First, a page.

10% of US kids ages 5 to 11 have started COVID-19 vaccine

By the end of today 2.6 million American children ages 5 to 11 will have gotten their first shot of the Pfizer-BioNTech COVID-19 vaccine, meaning 10% of that age-group will have started the two-dose series in the first 10 days the vaccines have been available.

White House COVID-19 coordinator Jeff Zients said today that it took 50 days to reach 10% of the adult population with vaccines earlier this year. Despite continued vaccinated efforts, however, new COVID-19 cases are continuing to tick upward.

Over the past 2 weeks, 21 states have seen at least a 10% uptick in daily cases, ABC News reports.

Rochelle Walensky, MD, MPH, the director of the Centers for Disease Control and Prevention (CDC), said the new 7-day average of cases was 83,671 per day, about 10,000 more than the previous week. The average number of hospitalization is at 5,300 per day, and the daily death toll remains around 1,000.

Yesterday the country reported 87,481 new COVID-19 cases and 1,448 deaths, according to the Johns Hopkins COVID-19 tracker.

Breakthrough infections on the rise

During a White House briefing today, Walensky said although unvaccinated Americans still make up most new hospitalizations, the CDC is seeing indictors of rising breakthrough infections, including increasing hospitalizations for those 65 and older who are fully vaccinated, and among residents in long-term care facilities.

For the latter group, Walensky said residents who received booster shots were much less likely to get sick than those who had not.

The CDC COVID Data Tracker shows that 58.9% of Americans are fully vaccinated against COVID-19 (two doses), 68.6% have received at least one dose of vaccine, and 15.7% of fully vaccinated Americans have received a booster dose.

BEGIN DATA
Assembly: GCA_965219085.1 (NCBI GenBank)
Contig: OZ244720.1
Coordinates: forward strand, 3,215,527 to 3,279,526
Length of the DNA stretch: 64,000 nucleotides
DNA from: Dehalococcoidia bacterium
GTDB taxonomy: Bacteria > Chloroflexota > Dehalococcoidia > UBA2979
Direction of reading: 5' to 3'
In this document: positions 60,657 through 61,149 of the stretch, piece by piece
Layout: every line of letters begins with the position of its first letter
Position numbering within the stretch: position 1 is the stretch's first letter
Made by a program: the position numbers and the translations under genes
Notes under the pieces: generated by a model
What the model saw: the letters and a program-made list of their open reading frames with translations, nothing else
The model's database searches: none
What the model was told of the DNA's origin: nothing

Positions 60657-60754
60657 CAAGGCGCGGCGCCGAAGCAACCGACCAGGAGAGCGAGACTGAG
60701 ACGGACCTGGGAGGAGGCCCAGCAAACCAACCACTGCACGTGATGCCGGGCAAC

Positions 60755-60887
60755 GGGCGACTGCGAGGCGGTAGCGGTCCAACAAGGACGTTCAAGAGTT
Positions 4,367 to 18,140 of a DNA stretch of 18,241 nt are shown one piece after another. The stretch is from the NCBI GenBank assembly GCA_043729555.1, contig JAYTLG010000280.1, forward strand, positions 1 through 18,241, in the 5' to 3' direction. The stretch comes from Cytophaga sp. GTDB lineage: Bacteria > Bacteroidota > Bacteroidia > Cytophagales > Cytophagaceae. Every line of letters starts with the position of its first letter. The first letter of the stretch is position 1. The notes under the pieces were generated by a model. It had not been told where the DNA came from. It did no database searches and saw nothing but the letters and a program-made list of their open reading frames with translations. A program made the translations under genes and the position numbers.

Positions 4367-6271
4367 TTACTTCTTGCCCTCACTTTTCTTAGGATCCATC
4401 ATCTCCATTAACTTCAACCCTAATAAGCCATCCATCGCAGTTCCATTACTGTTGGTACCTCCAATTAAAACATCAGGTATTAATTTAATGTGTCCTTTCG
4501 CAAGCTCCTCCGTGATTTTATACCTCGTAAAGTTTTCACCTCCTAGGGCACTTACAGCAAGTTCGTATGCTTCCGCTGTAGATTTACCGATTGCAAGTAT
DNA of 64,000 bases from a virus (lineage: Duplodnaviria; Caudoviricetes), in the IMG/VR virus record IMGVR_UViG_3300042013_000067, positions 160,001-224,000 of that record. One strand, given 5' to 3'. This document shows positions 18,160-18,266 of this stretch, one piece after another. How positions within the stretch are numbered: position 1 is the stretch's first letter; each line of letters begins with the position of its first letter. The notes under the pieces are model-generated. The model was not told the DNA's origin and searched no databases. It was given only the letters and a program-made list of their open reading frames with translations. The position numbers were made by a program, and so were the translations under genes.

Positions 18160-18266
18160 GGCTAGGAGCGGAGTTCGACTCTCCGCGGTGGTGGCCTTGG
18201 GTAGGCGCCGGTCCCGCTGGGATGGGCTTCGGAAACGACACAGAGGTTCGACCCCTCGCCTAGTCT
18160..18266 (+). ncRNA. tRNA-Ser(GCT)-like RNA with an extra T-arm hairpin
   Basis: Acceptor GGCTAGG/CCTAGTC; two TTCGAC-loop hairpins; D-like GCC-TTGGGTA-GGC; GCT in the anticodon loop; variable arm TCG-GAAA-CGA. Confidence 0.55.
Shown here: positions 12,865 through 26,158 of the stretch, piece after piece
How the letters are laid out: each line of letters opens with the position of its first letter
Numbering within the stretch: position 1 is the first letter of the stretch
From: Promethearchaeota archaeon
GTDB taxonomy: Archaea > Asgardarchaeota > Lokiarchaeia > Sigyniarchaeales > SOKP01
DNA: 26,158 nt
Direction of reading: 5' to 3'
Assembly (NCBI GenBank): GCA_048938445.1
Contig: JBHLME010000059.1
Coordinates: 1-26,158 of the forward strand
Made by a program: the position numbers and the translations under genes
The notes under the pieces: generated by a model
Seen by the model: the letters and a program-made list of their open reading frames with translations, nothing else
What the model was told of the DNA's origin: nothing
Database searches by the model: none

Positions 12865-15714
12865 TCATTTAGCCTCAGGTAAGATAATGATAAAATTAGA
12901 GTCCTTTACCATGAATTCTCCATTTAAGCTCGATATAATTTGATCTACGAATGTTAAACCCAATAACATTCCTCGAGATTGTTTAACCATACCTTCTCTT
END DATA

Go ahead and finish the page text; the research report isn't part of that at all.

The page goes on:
Several states and cities have opened up booster eligibility to all interested adults. In light of this, the Food and Drug Administration is planning to authorize booster doses of the Pfizer COVID-19 vaccine for all adults as early as tomorrow, the New York Times reports.

The CDC's Advisory Committee on Immunization Practices has scheduled a meeting to discuss booster efficacy and safety at the end of the week. Moderna is expected to ask the FDA to approve a booster dose of its vaccine in the coming days as well for people 18 and older.

Currently, the FDA has authorized booster doses for all three vaccines approved for use in the United States for recipients 65 and older, those with underlying health conditions, and those whose work or living environment puts them at high risk for contracting COVID-19.

In several states, including California, Colorado, New Mexico, and West Virginia, health officials have instructed providers to not turn anyone away seeking a booster as long as it has been at least 6 month from their last dose.

Other US developments

  • A conservative-leaning federal appeals court was selected yesterday to decide challenges to the Biden administration's vaccine requirement for companies with 100 or more employees, the Wall Street Journal reported yesterday. 

  • New York Mayor Bill de Blasio announced yesterday that Times Square will be open for New Year's Eve celebrations this year, but only to vaccinated revelers, NPR reports.

  • Nearly one in three older Americans say they plan to take an extended trip within the next year, and one in four say they plan to travel for the holidays, according to a new poll from the University of Michigan. Twenty percent said they would definitely alter plans if COVID-19 cases are surging at their destination, and 52% said they may do so.

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